Wednesday, March 16, 2016

Update: Creation of Newark Police Civilian Complaint Review Board Approved by City Council

Newark, New Jersey: A Civilian Complaint Review Board will remain in the City of Newark. 

The Newark City Council unanimously voted on Wednesday evening to approve the creation of the board, which will research claims of wrongdoing in the Newark Police Department. Mayor Ras Baraka issued an executive order to create the board in 2015. 

Several residents, in addition to representatives from the Ironbound Community Corporation, Newark NAACP, American Civil Liberties Union of New Jersey (ACLU of NJ), New Jersey Red Umbrella Alliance, and Newark Communities for Accountable Policing (N-CAP) spoke before the council at the meeting. 

There have been a variety of reactions to the decision from leaders of local organizations. 

Udi Ofer of the ALCU of NJ said in a statement that “for 50 years the people of Newark have called for the creation of a civilian review board, and today Newark finally responded by creating one of the nation’s strongest police review boards". 

James Stewart Jr., the president of the Newark Fraternal Order of Police Lodge 12, which represents NPD officers, told Essex County Place that the union expected the council to move the CCRB forward. 

"Barring any action from the ECPO [Essex County Prosecutor's Office] or the Office of the Attorney General, which we do not expect, we will move forward, along with the Superior Officers Association, and challenge the CCRB on its merits in any available forum, including Superior Court, to determine what actions are allowed by a New Jersey CCRB, and what actions are not", said Stewart.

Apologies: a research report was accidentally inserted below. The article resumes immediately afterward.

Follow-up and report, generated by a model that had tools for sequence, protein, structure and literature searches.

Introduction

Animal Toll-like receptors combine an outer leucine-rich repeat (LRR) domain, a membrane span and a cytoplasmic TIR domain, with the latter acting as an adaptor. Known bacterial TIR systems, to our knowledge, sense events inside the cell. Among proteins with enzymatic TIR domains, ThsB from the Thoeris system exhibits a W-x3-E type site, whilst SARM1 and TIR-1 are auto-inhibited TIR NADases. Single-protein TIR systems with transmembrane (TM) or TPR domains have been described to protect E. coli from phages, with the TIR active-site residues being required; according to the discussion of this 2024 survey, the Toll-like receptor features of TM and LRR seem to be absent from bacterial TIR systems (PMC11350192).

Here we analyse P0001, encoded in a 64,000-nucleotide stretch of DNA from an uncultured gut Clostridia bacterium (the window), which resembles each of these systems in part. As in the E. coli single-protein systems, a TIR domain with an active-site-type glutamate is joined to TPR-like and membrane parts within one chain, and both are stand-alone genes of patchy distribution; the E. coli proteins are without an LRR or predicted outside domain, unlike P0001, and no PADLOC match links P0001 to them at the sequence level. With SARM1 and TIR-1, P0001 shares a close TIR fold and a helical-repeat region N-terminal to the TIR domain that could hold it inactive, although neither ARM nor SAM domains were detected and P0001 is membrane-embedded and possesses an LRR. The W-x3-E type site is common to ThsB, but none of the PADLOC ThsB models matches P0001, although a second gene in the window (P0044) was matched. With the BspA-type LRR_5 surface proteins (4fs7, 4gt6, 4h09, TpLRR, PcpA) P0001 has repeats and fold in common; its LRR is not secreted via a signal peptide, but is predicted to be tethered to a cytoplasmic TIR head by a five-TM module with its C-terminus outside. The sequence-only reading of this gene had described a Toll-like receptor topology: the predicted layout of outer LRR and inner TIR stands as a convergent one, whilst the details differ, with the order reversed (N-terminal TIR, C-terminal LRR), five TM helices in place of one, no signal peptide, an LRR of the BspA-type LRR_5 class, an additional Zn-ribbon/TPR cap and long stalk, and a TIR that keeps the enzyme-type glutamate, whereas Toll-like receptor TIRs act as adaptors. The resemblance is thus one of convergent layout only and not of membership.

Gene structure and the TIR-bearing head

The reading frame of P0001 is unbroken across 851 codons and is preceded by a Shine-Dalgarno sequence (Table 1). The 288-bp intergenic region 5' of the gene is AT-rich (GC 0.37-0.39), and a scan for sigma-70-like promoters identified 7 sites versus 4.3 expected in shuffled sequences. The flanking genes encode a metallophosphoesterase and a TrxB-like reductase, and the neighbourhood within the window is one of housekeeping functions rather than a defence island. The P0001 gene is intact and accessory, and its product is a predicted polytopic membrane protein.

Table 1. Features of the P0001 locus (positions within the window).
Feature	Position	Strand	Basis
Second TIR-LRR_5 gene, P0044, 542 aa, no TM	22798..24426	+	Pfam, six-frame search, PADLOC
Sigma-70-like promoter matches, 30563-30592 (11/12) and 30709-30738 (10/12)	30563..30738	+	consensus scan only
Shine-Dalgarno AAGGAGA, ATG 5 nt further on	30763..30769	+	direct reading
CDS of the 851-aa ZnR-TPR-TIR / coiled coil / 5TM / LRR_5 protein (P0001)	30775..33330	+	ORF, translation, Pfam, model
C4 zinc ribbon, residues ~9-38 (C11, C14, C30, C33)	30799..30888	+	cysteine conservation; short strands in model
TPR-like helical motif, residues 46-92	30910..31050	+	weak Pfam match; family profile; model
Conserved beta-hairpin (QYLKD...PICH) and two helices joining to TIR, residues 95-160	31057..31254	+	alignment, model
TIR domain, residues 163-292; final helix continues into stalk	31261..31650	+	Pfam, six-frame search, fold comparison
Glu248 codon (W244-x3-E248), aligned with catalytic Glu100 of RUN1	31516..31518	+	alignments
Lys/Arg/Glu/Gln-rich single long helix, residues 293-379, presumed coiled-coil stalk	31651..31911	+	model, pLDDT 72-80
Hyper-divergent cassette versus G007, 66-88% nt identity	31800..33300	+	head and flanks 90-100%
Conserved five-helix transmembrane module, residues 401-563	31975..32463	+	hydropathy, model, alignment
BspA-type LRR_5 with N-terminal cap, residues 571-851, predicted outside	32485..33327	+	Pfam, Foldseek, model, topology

Stewart added that "the FOP has advocated for the DOJ to come into Newark and review our policies and practices, we want to ensure we have the best relationship as possible with the community, we know how important that is. We also want to ensure the rights of our members are protected too. We have a disciplinary process in place, our members are called in to Internal Affairs, or the Prosecutor's Office, to answer for their actions. I saw a post on social media yesterday where a group was calling for everybody to stand during the council vote with the 'hands up, don't shoot' gesture. It seems to me that some of these groups are looking at the CCRB as a way to punish cops, guilty or not. I don't know about anybody else, but the FOP will not allow that to happen." 

However, N-CAP felt that Newark made history as a result of the passage. 

"With the establishment of this CCRB, the days of letting police officers police themselves will start to approach an end", said Jasmine Crenshaw of N-CAP in a statement. 

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